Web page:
Albany, NY Assembly Energy Committee Chair Kevin Cahill (D- Ulster, Dutchess) called the solar tax incentive package signed by the Governor a positive step that will help expand the market for renewable energy systems in New York. The Assemblymember said the Governor and Legislature still need to act on legislation (A.9149-A/Englebright), also known as the Solar Jobs Act, to establish a clear long term solar mandate to attract industry investment in the State.
Tax incentives, rebates and other benefits like net metering are important tools that encourage households and commercial entities to make use of renewable energy technology, said Assemblymember Cahill. Solar is going to play a critical role in our energy future and New York has the potential to be a leader in the industrys evolution, but we are running the risk of being left behind in the absence of a clear long term plan like the one proposed in Solar Jobs Act.
The legislation, which has been passed by the Assembly Energy Committee, would mandate that 3,000 megawatts of New York States power supply be derived from solar energy by 2021. The bill compliments Governor Cuomos plans and provides the Public Service Commission (PSC), utilities and state energy authorities flexibility in how to meet their solar targets and includes a mechanism to protect consumers by ensuring that the annual cost of the program never exceeds 1.5% of electricity sales. The initiative, with nearly 80 co-sponsors, has received strong bipartisan backing in the Assembly and is supported by a diverse coalition of labor, business and environmental organizations.
The key to building a robust solar industry in New York is a stable and long-term plan that businesses can use as the basis for their investment decisions. By working together to pass the Solar Jobs Act we can solidify and expand our commitment to solar by establishing, in law, a goal of 3,000 mega-watts of new clean energy by 2021. That is exactly the type of message the Legislature and the Governor need to send in order to maximize private sector investment in New York, said Assemblymember Cahill.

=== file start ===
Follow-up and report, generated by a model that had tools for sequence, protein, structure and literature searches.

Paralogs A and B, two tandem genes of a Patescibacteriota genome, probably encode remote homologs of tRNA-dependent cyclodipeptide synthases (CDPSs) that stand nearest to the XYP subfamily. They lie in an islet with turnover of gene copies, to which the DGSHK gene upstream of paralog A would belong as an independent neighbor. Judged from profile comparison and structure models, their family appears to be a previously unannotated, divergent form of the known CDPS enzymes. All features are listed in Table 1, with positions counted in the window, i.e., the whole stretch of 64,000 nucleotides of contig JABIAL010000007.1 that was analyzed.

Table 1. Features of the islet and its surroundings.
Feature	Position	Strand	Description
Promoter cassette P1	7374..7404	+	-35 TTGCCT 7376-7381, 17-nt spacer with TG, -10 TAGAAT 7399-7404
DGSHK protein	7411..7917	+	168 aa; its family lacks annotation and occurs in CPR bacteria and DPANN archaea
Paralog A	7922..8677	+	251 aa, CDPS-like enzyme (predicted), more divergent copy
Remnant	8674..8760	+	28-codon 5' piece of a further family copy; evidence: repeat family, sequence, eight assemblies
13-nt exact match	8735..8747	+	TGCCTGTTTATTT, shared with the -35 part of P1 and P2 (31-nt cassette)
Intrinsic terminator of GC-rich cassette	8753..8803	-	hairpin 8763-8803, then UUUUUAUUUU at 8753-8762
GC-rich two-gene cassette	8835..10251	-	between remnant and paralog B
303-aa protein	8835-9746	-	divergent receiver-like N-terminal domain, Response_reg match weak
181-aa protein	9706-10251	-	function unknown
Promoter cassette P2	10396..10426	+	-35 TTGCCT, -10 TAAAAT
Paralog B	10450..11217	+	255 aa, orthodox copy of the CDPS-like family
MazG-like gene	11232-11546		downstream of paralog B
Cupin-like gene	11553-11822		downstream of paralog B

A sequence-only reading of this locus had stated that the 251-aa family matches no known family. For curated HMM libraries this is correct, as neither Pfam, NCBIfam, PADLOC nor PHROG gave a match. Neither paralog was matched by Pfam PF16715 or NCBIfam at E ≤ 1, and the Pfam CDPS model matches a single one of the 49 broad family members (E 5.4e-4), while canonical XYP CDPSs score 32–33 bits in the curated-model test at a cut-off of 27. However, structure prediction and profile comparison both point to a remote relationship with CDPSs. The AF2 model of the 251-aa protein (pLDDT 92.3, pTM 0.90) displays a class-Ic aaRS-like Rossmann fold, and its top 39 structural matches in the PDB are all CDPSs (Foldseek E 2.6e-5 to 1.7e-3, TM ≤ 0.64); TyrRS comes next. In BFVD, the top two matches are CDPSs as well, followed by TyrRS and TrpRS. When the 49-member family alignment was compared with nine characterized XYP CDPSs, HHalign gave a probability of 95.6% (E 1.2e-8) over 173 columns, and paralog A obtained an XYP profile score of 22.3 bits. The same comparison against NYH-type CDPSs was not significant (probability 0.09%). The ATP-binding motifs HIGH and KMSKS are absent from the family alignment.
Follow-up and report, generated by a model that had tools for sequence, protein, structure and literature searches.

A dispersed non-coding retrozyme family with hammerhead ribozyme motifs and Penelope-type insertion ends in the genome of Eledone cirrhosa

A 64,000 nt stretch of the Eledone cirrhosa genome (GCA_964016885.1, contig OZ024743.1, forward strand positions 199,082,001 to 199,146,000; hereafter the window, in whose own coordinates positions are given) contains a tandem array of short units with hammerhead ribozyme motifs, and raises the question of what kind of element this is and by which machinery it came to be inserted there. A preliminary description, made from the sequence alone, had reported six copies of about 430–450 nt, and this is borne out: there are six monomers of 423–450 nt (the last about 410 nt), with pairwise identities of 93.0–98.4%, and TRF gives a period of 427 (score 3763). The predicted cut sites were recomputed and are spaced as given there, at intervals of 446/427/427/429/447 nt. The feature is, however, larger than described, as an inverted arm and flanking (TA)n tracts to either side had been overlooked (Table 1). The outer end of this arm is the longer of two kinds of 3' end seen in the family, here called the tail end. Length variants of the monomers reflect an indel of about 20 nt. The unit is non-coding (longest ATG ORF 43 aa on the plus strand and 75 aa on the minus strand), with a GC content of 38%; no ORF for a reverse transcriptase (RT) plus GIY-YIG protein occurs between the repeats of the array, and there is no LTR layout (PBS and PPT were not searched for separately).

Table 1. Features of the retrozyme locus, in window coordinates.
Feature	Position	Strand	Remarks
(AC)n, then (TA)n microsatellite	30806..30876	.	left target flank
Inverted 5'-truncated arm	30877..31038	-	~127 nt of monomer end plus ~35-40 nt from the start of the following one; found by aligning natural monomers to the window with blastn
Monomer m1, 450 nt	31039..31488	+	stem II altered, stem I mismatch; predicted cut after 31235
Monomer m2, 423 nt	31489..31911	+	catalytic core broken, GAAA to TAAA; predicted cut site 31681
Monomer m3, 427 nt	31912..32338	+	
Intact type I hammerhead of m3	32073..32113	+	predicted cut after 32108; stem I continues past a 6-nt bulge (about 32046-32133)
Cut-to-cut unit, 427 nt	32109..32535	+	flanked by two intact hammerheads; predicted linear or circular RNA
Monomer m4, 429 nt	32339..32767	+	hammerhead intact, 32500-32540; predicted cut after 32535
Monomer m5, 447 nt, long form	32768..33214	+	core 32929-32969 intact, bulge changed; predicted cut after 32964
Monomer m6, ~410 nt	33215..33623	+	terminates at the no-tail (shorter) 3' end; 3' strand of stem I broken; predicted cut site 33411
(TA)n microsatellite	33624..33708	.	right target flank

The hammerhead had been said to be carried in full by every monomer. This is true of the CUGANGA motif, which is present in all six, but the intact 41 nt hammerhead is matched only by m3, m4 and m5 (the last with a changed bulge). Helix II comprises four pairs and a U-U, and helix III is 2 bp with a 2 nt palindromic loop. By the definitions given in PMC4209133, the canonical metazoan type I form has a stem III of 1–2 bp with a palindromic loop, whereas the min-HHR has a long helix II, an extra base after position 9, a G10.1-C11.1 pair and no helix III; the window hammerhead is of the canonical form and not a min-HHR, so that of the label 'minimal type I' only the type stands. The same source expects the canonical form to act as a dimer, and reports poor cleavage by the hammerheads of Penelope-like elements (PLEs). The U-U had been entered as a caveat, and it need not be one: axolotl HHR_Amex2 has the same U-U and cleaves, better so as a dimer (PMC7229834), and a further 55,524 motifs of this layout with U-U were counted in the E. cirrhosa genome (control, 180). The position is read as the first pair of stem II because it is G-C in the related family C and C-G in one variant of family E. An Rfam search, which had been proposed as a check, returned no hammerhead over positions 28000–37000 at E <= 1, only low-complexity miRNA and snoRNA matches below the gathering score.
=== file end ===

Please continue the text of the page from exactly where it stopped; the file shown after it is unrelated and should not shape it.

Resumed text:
The bills signed into law today include a measure introduced by Chairman Cahill (A.34-B) that will increase the installation of solar photovoltaic equipment by allowing residents that lease and enter into solar power purchase agreements to claim a personal income tax credit of up to $5,000.
The biggest barrier to solar is sticker shock. Consumers clearly understand and want to take advantage of the economic and environmental benefits solar power provides. We have seen it in the states throughout the Northeast that have embraced innovative financing strategies designed to eliminate concerns about the upfront costs, said Assemblymember Cahill. Solar leasing and on-bill financing agreements are the future of the installation industry. They make it easier for people to make common sense investments that will reduce their monthly bills from day one.
Taxpayers who enter into a lease or power purchase agreement of at least ten years will now qualify for the tax credit, which was previously only available to taxpayers that purchased solar equipment. The benefit would be spread out over a number of years and the agreements are easily transferable.
Not only will this bill help save money for taxpayers, but it will reduce the stress on our electric grid, which benefits all utility customers, said Assemblymember Cahill. By expanding the use of solar technology, we are curtailing our reliance on dirty, high-emission fossil fuels and counteracting the negative impacts of greenhouse gas pollution.
The Governor also signed legislation (A.5522-B/Englebright) that will make solar energy a more viable option for commercial consumers. The bill will eliminate all state sales taxes on the purchase and installation of solar equipment for businesses, while giving cities, counties and school districts the option of establishing similar exemptions.
Utilizing the tax code to encourage increased utilization of renewable technology will bring a boost to our economy and lead to the creation of more jobs as the demand for solar grows, said Assemblymember Cahill.